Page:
In April 2021, in its “first major antitrust decision in recent years”, SAMR imposed a record fine on Alibaba of US$2.8bn for abuse of dominance – a ban on sellers using other platforms. The agency also issued 13 penalty decisions in December 2020 and March 2021 on tech firms for failing to notify past transactions. In its quarterly review to September 2021, Clifford Chance noted SAMR had fined Tencent for failing to notify its acquisition of a majority stake in CMC, “with remedies and extensive obligations also imposed by SAMR to restore competition.” SAMR fined affiliates of Internet platforms such as Didi and Meituan for failure to file in 22 cases – although the latter was lower than expected. In an academic analysis of the record Alibaba fine, Prof. Sandra Marco Colino concluded:

from a substantive perspective, the investigation may seem like an open-and-shut case to the international observer. Nonetheless, in 2014 the judgment of the Supreme People’s Court in Qihoo 360 v Tencent pointed to a lax approach towards exclusive dealing practices and market dominance… SAMR’s attempt to effectively tackle the dire consequences associated with this classic exclusionary behaviour becomes all the more momentous. Secondly, in targeting a national company, the decision puts a dent in the narrative that competition law in China serves a protectionist agenda. Thirdly, as enforcers in other parts of the world face what feel like interminable legal battles to punish anticompetitive conduct, the SAMR has managed to impose a record penalty in just a few months. It begs the question of whether such swift action is achievable, or even desirable, in other jurisdictions.

Sandra Marco Colino

In July 2021, SAMR blocked the merger of Huya and Douyu, the two largest online-game streaming companies in China. Tencent, the largest online-games company, owns Huya and partly owns Douyu. SAMR is “reportedly getting ready to slap a $1bn fine on Meituan, a super-app that delivers meals.”In January 2021, the central bank released draft rules on the “non-bank payment industry” regulating e-payments. Financial regulators also required Ant Group to separate its consumer finance group, responsible for around one-tenth of non-mortgage consumer loans in the country, into a new firm. Regulators are now pressuring Ant to create a separate credit scoring joint-venture with the government, holding Ant data used for credit decisions.

At the end of October, the Financial Times noted Chinese tech stocks have seen double-digit growth on hopes that “peak regulatory risk has passed” – although one analyst cautioned “These [regulatory moves] are part of bigger actions on the overall economy.” A December FT analysis suggested “Alibaba is still the largest ecommerce company in China, but its market share is slipping as rival platforms take advantage of the break-up of its monopoly.”

Fieldfisher China managing partner Zhou Zhuofeng told the Global Times “Although last year’s mega fine on Alibaba will not likely be surpassed because of the company’s market scale, this year’s anti-monopoly cases are likely to exceed last year’s level, as the amended Anti-Monopoly Law is very likely to come into force in the first half of this year, and China’s national anti-monopoly bureau was inaugurated last year”.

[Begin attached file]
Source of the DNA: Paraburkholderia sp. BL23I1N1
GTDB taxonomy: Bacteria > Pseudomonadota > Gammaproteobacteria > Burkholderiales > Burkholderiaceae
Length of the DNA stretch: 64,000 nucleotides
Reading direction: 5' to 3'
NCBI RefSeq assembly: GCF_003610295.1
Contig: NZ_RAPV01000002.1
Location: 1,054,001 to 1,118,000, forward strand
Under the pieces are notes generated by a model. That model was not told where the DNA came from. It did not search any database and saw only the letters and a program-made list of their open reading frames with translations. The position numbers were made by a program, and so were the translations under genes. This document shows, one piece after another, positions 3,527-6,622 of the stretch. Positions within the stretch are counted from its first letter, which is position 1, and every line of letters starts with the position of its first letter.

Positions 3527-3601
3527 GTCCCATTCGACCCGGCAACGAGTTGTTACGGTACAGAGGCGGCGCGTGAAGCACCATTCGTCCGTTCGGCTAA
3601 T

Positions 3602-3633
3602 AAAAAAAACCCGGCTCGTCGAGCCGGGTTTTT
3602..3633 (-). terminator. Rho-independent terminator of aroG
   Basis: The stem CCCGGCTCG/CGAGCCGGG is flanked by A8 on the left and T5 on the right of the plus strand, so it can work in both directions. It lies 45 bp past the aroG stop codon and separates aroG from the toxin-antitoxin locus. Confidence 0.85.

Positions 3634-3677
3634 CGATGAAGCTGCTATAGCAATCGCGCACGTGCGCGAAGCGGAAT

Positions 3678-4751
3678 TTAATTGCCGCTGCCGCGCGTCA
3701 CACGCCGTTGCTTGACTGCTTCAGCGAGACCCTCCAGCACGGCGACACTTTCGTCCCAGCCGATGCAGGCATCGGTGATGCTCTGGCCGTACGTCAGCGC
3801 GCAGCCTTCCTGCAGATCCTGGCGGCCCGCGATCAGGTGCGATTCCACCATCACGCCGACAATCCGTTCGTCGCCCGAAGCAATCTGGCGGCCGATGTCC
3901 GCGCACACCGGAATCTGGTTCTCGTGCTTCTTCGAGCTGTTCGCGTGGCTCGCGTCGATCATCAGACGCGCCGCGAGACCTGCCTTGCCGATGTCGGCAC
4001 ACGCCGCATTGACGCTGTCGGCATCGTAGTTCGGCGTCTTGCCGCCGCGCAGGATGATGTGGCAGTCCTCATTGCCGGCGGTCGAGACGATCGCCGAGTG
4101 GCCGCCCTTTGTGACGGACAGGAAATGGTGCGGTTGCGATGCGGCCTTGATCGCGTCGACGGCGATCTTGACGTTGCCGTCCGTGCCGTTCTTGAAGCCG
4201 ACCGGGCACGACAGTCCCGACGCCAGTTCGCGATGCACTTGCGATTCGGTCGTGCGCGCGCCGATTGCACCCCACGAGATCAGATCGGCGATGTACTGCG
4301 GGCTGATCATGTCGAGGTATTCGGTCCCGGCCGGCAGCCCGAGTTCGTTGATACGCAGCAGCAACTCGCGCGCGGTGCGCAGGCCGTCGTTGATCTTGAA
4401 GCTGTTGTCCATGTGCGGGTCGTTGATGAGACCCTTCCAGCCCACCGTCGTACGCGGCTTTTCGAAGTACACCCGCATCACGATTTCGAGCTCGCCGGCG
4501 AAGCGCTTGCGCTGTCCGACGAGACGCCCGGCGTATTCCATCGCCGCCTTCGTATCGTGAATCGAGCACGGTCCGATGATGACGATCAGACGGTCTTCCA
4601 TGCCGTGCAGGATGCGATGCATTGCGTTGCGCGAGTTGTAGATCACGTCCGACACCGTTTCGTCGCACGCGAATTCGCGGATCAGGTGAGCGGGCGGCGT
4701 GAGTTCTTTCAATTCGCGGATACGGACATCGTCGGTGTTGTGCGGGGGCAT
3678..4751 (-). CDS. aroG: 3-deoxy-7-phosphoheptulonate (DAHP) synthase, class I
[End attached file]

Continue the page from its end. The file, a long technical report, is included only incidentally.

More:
Following intense antitrust scrutiny, Tencent has pursued a quieter investment strategy amid China’s Big Tech crackdown. “Regulators have stated very clearly they don’t want to see anti-competitive behaviour . . . [like] gobbling up every gaming company,” Wong Kok Hoi, chief investment officer at APS Asset Management, told the Financial Times. “Now they have no choice but to go international.” 

The firm is reducing its part-ownership of e-commerce group from about 17% to 2.3%, distributing 460m ordinary shares to its own shareholders in March. The FT quoted a person “close to the company” saying it did not want “to be seen to be exerting massive influence over a huge segment of the economy in perpetuity”. And shares in Singaporean gaming and e-commerce business Sea fell more than 11% after Tencent announced it would sell over $3bn of its shares in the company.

In January, the National Copyright Administration of China (NCAC) ordered digital music platforms not to sign exclusive copyright agreements except under “special circumstances”. Tencent already ended all such deals last year; it previously held “more than 80% of exclusive music library resources”.

Four government agencies (the Central Cyberspace Administration, together with the National Development and Reform Commission, the Ministry of Industry and Information Technology and SAMR) organised a symposium on 28 January. The government summary relates the agencies told Internet firms they “should fully understand that improving the rule of law and supervision in the Internet field provides a strong guarantee for the sustainable and healthy development of enterprises”.

SAMR is expanding its anti-monopoly bureau, more than doubling its staff to 100 people. In March, it announced an enforcement budget increase to RMB 121.4 million (US$19.1 million), a 73% increase over the previous year’s spending. SAMR created a Competition Policy and Big Data Centre in December 2021, and is continuing its focus on platforms. China’s central bank governor has also signalled a greater interest in “unauthorised and excessive” fintech company data collection, warning in televised remarks “Companies with large traffic could acquire new customers … and enjoy steady data flow. Fintech has increasingly gained the upper hand in using, accessing and storing data.” 

Following significant falls in the Chinese stock market in early March, the government’s Financial Stability and Development Committee told regulators to “Complete the rectification (i.e., crackdown) of major internet platform companies ASAP”, according to a summary by Kendra Schaefer of Trivium China. She concluded: 

We always tell our clients that the Chinese government’s number one fear is domestic instability — social or economic. And if anything can make regulators change course abruptly and dial back the crackdown, it’s volatile market conditions caused by over-regulation. More importantly: The politics of tech regulation are about to get very interesting. I get the sense that there are at least two major policy camps — the economists on one side, and the national security peeps who want to hammer tech companies until they cry uncle.

Kendra Schaefer, Trivium China

Acknowledgment: this update was commissioned by Open Society Foundations